In his On the Advantage of Believing, Augustine reflects on the necessity of belief but also on the danger of being overly credulous. He comments, in part,
But now consider, you will say, whether in religion we ought to believe. For even if we concede that it is one thing to believe, another to be credulous, it does not follow that there is no fault in believing in religious matters. What if it be a fault to believe and to be credulous, as it is to be drunk and to be a drunkard? One who holds this view as certain, it seems to me, could have no friend. For, if it is base to believe anything, either he acts basely who believes a friend, or, in not believing a friend at all, I do not see how he can call either him or himself a friend…. For there is also no friendship at all unless something is believed which cannot be demonstrated by positive reasoning. (Util. cred. 10.23–24)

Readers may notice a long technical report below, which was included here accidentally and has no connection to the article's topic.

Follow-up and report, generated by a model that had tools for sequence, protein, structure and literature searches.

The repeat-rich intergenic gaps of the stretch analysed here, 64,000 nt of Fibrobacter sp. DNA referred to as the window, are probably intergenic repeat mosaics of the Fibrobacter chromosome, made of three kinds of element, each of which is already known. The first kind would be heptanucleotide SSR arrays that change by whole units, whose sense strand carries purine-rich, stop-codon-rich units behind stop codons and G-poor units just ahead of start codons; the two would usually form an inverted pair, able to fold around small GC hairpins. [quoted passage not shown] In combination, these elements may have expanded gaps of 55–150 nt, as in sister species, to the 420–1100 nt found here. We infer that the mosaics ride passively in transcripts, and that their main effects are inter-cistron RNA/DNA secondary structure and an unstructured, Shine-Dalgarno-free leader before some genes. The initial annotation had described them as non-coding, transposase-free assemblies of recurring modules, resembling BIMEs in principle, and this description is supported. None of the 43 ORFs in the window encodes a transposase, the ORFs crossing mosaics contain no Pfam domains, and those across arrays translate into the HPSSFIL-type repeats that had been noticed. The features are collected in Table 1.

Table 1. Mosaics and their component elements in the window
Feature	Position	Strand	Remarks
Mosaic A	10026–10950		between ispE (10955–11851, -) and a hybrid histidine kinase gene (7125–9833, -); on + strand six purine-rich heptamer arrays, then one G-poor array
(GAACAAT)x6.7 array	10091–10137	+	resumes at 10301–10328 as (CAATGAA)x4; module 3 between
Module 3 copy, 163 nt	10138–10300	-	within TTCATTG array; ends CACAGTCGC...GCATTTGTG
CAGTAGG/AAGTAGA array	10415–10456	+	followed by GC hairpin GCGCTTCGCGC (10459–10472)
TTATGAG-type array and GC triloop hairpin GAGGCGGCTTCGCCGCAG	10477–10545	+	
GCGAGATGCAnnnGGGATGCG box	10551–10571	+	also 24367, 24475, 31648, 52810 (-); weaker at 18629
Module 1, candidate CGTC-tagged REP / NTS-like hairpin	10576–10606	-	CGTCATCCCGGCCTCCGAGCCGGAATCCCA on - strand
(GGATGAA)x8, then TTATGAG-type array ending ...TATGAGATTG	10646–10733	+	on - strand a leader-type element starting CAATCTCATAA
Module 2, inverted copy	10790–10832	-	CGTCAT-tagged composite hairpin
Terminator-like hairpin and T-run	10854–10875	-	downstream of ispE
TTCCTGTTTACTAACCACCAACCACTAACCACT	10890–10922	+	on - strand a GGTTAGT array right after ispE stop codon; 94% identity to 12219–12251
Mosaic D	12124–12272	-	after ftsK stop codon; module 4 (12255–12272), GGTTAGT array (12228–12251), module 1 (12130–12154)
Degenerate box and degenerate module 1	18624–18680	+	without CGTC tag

To be sure, reasons are important, but reasons have force within the context of some kind of faith toward the source from which the reasons derive.